When a small plane carrying a world-famous fashion designer disappeared in the Caribbean Sea last week, rumors began circulating that he may have fallen victim to a curse, or a smaller version of the Bermuda Triangle.
According to a story in The Guardian,
There are a handful of theories about what might cause ships and planes to vanish, including underwater alien bases, tidal waves, magnetic anomalies, sea monsters, and exploding bubbles of methane gas. But before examining the validity of the theories it’s important to ask a basic question: Is there anything unusual that needs explaining?
There are a few things to note about the area and the claims surrounding it. Let’s examine this statement: “Since the mid-90s, there have been at least 15 reported incidents in which small aircraft have either crashed, disappeared or declared emergencies while traveling through the area.” The first thing to point out is that it does not mention 15 mysterious disappearances, just 15 incidents — which include crashes (whose causes are known) and aircraft that had some unspecified emergency on board (which could include anything from a passenger having a heart attack to some mechanical problem).
Second, fifteen “incidents” since the mid-1990s comes to a startling average of about one incident per year, out of the hundreds of flights per day over those waters (including from Simón Bolívar International Airport outside of Caracas, which carries about 10 million passengers each year). The Caribbean Sea north of Caracas has lots of boat and plane traffic; there are more resort islands clustered in that area than anywhere else in the world, including Aruba, Curacao, Grenada, St. Lucia, Antigua, Barbados, and of course Puerto Rico. The only way to get to and from those islands is by boat or plane, and — like cars, boats, or anything else — more traffic than average means more accidents and mishaps than average. If anything, it’s surprising there aren’t more crashes.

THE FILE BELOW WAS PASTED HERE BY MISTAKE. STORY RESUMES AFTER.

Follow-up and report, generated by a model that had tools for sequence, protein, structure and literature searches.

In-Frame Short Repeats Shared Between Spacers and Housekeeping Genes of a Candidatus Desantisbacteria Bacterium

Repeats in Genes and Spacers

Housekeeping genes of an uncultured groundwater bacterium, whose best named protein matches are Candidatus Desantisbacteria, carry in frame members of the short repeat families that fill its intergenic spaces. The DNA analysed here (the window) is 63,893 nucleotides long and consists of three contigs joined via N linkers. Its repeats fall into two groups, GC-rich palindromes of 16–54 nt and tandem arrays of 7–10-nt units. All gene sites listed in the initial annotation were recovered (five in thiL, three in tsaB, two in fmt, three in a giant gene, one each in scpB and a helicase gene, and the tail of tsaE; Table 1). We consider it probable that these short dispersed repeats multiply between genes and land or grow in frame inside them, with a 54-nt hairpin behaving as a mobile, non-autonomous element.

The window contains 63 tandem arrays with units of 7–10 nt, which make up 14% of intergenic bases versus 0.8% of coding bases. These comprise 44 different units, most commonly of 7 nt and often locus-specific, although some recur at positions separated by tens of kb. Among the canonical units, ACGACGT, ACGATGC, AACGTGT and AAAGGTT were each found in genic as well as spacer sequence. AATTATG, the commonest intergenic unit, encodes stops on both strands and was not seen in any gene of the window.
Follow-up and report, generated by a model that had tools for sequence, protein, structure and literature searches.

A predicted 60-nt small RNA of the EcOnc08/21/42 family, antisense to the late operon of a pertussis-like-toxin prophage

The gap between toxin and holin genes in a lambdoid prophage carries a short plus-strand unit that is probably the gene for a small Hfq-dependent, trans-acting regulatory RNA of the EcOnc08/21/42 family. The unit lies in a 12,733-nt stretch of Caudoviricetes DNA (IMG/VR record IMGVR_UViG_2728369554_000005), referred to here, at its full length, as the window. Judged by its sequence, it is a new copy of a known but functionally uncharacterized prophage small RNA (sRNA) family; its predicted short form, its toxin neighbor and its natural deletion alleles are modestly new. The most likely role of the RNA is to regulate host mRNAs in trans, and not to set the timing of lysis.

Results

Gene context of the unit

It’s also important to note that the plane Massoni disappeared in was a small a twin-engine Islander built in 1968. I’ve been on ancient puddle-jumpers in the Caribbean and South America and can report first-hand that they aren’t known for their outstanding maintenance and safety records, no matter who the passengers are. Had Massoni been traveling in a brand-new private plane instead of a resort’s 44-year-old plane, his disappearance would be more mysterious.
Like the Bermuda Triangle story, the Los Roques curse story is largely a media-fueled myth. Calling it an “unexplained disappearance” make it sound much more mysterious than it is; all plane and boat disappearances begin as “unexplained,” by definition. For example in June 2009, Air France flight 447 mysteriously disappeared into the Atlantic Ocean, killing 228 people. It took years to find the wreckage and determine the cause; the once “unexplained” crash was determined to have been caused by a stall linked to an iced-over airspeed sensor.
Massoni’s family is holding out hope that he has been abducted and held for ransom, and if this is true hopefully he will be recovered safely. But small aircraft crashes are not inherently mysterious, and the only reason anyone is paying attention to this particular plane is that someone famous is missing.
Image: The view over Los Roques National Park. Credit: Getty